Six reagents are used to refine cocaine: ammonia, hydrochloric acid, lime, limestone, potassium carbonate, potassium permanganate and sulfuric acid. The four solvents used are acetone, ethanol, ether and kerosene. These could be targets for monitoring or control. However, after considering the availability and usage of each chemical, the possible targets can be narrowed to acetone and ether. As mentioned earlier, acetone has a number of legitimate uses. An estimated 2.5 billion pounds is produced each year in the United States, a commercial value of about $400 million.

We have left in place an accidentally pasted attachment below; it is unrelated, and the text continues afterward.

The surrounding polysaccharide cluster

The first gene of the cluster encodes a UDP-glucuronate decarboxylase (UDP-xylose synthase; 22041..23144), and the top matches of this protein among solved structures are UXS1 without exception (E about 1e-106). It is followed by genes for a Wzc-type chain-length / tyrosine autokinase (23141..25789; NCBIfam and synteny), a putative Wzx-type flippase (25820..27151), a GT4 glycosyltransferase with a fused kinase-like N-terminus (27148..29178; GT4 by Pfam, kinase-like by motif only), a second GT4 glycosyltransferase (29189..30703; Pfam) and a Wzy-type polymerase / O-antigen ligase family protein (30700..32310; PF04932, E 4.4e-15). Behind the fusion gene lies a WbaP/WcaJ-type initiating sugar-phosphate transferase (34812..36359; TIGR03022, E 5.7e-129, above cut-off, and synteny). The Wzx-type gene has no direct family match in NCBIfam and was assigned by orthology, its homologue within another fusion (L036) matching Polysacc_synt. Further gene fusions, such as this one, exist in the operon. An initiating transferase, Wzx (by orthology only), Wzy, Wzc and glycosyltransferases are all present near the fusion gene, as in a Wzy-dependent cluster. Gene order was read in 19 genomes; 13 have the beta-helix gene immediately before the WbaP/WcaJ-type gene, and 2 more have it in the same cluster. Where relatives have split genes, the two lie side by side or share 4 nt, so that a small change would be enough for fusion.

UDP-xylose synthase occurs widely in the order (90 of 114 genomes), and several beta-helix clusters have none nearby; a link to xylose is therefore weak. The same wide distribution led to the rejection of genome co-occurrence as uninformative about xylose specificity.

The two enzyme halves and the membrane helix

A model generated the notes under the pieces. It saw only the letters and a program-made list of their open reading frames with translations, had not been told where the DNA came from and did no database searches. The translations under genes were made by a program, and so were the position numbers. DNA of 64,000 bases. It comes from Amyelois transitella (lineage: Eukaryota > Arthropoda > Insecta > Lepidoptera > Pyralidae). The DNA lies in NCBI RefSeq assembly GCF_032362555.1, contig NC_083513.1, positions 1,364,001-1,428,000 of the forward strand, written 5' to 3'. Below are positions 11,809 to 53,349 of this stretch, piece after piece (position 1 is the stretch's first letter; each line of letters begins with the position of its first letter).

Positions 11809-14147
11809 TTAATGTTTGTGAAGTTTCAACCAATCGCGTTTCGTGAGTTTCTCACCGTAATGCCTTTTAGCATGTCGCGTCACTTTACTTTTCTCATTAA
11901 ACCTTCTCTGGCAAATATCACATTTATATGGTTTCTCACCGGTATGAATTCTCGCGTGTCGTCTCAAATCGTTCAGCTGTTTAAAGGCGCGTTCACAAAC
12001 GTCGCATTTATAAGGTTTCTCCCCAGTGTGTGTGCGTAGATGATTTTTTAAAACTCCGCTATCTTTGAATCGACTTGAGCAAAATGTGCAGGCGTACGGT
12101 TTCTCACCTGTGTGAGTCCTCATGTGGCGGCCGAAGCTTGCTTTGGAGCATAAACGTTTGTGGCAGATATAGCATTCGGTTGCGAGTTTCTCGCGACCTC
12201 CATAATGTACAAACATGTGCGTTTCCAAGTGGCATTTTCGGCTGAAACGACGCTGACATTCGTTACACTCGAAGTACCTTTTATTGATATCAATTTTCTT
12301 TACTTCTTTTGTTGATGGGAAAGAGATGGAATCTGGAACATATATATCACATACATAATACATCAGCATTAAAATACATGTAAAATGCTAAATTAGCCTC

There are 12 major U.S. producers and over 40 foreign sources. Although usually produced from petroleum or synthesized from benzene, there are other processes to produce it. Nonetheless, acetone, in fact, was selected as a target, and the targeting did produce results. Ether, likewise, has broad use, with a U.S. production estimate of over 60 million pounds, but with only five U.S. producers and seven major foreign sources. Ether, therefore, represents, and did turn out to be, an even better target.